I know, its a body of water that leaked from their water chillers, much like the lakes. Still, though. Neither makes any sense.
"If we name it cold and small (opposed to lake), then people won't notice it's actually huge and hot!" --retard intel marketing director
Posted on Reply
#17
mak1skav
I am happy that they still mention "gaming" and not only AI and machine learning.
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#18
Assimilator
FordGT90Concept said:
"A narrow stretch of water forming an inlet or connecting two wider areas of water such as two seas or a sea and a lake."
a.k.a. a "strait" and, as far as I can tell, there's no "strait" called "Arctic Sound." Intel is making stuff up.
Just like there isn't a body of water called Sky Lake or Kaby Lake or Cannon Lake... nor are there bridges named Sandy or Ivy. Codenames don't have to mean anything, Intel has seemingly gone for water-based ones since 2015.
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#19
Vayra86
Assimilator said:
Just like there isn't a body of water called Sky Lake or Kaby Lake or Cannon Lake... nor are there bridges named Sandy or Ivy. Codenames don't have to mean anything, Intel has seemingly gone for water-based ones since 2015.
I know, but why not go for something like Montevideo.
Posted on Reply
#20
rtwjunkie
PC Gaming Enthusiast
Vayra86 said:
Right. So their GPU (video output) line is called 'Sound'.

Much sense is being made.
Actually Arctic Sound makes a lot of sense when you use the geographical definition:

“In geography, a sound is a large sea or ocean inlet, deeper than a bight and wider than a fjord; or a narrow sea or ocean channel between two bodies of land.”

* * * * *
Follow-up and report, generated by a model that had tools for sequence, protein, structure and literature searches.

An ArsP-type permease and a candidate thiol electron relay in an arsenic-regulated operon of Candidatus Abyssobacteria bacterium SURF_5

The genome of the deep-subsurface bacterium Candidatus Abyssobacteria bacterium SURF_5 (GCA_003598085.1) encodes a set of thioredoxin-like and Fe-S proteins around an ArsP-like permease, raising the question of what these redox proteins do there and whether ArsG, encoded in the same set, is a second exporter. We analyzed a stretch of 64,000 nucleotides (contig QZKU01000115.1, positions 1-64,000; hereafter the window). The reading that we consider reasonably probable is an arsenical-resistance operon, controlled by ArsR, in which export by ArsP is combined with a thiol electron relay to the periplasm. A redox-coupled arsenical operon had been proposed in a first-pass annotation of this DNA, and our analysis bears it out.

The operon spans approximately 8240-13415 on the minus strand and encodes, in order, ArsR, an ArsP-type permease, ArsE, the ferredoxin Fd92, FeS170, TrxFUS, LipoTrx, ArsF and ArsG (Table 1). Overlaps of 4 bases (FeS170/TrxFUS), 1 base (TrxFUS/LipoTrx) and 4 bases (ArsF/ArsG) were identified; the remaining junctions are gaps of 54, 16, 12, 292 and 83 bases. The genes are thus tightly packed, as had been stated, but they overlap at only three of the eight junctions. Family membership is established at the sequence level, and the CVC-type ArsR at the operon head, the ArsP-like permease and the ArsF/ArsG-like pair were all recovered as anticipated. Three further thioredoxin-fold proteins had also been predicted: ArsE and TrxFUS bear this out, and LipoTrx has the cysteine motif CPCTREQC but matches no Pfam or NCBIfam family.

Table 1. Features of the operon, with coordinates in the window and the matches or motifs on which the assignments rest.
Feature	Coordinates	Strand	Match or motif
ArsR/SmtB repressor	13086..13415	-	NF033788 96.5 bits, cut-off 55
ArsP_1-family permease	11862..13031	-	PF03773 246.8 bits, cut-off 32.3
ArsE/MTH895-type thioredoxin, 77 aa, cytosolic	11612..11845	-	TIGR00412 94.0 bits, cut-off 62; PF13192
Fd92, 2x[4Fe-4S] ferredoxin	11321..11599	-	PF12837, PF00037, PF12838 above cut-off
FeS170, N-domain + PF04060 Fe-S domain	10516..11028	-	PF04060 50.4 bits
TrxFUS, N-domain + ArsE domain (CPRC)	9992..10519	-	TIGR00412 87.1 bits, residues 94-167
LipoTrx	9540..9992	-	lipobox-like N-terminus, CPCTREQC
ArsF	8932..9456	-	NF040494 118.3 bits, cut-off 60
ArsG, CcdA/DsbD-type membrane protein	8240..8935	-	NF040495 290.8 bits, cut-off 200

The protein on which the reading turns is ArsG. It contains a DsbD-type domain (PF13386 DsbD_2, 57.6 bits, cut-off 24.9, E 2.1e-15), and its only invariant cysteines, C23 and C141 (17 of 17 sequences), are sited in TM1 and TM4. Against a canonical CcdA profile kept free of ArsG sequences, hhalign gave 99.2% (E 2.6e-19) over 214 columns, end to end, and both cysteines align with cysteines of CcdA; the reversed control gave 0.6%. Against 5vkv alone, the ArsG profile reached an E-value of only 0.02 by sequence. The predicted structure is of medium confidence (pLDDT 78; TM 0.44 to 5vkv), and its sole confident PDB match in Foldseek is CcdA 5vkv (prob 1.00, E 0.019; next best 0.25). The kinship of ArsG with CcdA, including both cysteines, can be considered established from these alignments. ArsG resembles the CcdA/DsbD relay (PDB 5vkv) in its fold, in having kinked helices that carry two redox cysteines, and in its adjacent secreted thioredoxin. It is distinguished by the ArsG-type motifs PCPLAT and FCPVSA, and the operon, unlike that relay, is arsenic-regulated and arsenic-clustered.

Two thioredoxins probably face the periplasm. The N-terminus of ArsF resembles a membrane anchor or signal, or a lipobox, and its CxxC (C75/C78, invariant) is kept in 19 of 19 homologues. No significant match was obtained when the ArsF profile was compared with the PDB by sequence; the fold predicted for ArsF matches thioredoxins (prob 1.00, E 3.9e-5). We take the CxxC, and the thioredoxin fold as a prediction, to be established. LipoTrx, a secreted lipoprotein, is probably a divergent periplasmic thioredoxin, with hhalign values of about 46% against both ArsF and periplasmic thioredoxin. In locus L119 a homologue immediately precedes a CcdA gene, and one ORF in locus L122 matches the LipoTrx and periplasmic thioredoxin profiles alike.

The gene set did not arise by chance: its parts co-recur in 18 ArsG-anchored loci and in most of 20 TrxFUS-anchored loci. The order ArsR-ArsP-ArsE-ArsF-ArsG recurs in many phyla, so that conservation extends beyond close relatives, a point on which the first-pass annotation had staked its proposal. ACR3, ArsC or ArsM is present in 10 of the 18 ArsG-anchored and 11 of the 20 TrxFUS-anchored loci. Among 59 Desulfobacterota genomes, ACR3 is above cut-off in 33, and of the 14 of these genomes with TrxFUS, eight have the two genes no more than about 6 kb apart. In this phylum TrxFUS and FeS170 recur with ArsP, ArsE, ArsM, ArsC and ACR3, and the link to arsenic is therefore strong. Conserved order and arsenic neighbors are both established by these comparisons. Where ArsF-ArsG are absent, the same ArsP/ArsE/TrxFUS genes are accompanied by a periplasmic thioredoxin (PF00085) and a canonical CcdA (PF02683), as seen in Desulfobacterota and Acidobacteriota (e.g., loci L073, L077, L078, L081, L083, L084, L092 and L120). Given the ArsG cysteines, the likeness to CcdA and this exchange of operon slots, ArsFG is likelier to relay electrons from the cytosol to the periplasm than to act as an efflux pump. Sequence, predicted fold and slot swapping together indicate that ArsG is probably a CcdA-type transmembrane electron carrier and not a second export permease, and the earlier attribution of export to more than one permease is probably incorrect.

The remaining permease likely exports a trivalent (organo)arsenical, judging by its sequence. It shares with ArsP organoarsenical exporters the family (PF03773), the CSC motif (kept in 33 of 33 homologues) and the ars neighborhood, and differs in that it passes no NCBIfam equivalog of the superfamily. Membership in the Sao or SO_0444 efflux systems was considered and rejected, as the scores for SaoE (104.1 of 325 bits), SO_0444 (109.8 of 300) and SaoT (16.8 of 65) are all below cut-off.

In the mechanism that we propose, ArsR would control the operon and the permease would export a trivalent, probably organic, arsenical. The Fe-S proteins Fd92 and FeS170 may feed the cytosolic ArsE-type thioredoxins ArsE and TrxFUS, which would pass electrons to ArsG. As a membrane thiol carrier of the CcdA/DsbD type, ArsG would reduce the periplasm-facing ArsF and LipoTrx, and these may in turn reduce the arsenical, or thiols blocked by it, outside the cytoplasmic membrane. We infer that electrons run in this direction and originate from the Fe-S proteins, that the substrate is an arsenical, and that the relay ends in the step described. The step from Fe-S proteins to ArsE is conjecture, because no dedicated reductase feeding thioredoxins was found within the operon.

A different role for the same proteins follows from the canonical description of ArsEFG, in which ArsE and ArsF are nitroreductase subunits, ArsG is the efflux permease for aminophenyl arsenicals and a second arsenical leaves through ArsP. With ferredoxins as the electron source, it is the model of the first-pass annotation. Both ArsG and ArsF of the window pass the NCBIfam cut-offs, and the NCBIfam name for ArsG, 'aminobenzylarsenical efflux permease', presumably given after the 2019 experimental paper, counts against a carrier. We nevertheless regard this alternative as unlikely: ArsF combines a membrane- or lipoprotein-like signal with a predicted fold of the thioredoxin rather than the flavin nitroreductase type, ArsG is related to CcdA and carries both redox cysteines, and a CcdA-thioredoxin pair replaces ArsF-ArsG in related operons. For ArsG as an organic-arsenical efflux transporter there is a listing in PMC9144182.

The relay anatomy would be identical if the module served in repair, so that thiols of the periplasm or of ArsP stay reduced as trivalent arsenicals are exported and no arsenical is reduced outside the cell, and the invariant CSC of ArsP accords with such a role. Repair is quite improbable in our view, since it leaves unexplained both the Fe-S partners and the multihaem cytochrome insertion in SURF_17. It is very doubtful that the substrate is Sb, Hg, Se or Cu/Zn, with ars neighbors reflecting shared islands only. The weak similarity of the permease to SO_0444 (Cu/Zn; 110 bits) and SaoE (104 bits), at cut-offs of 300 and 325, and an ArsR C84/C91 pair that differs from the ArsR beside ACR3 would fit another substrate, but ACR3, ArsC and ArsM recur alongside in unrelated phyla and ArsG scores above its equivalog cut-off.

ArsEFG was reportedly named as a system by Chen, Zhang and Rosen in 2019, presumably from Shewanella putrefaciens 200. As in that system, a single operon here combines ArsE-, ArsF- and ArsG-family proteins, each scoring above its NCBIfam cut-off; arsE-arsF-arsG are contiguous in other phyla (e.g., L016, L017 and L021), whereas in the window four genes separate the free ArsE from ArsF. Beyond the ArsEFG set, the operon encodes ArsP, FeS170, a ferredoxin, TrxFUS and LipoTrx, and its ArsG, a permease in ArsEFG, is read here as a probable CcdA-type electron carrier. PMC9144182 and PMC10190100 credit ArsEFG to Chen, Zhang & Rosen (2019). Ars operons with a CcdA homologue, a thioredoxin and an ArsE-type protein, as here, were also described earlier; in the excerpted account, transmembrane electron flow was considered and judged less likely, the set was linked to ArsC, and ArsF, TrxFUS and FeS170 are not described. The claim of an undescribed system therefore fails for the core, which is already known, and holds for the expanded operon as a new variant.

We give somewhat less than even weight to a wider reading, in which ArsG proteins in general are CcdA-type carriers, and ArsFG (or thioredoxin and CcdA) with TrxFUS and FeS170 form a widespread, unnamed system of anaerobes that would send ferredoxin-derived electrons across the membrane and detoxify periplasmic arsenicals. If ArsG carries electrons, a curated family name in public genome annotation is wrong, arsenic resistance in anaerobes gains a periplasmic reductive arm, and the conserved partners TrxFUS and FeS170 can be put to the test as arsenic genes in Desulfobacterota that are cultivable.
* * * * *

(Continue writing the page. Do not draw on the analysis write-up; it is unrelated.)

Posted on Reply
#21
Vayra86
rtwjunkie said:
Actually Arctic Sound makes a lot of sense when you use the geographical definition:

“In geography, a sound is a large sea or ocean inlet, deeper than a bight and wider than a fjord; or a narrow sea or ocean channel between two bodies of land.”
You'll have to guide me a bit more... I'm not seeing the relation to video cards. :cry:
Posted on Reply
#22
rtwjunkie
PC Gaming Enthusiast
Vayra86 said:
You'll have to guide me a bit more... I'm not seeing the relation to video cards. :cry:
It’s just a name. Nothing more.
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#23
jeremyshaw
R0H1T said:
That was a wrong move IMO, under the aegis of Raja IIRC.
No, it was a legally required move after Intel lost a lawsuit to Nvidia. They first licensed graphics IP from Nvidia, then later licensed from AMD.
Posted on Reply
#24
Slizzo
Ubersonic said:
Looking forward to this :)

Will be awesome once Intel's GPUs hit the scene, with AMD/Intel supporting Freesync it means Nvidia will have no choice but to finally support it (officially, I know there's workarounds). And as a bonus Nvidia will also have no choice but to stop disabling PhysX on their cards if the primary GPU is AMD (as doing it for AMD and not Intel would be lawsuit territory).

There's a bright propitiatory free future ahead :D
What are you talking about in reference to PhysX? You know it's both a software and a hardware solution, much like Havok? Only hardware PhysX is actually supported in some titles and Havok hardware physics doesn't appear to have been adopted anywhere.
Posted on Reply
#25
R0H1T
jeremyshaw said:
No, it was a legally required move after Intel lost a lawsuit to Nvidia. They first licensed graphics IP from Nvidia, then later licensed from AMD.
Alright but where did I say that it was a requisite move for AMD & I'm talking about AMD?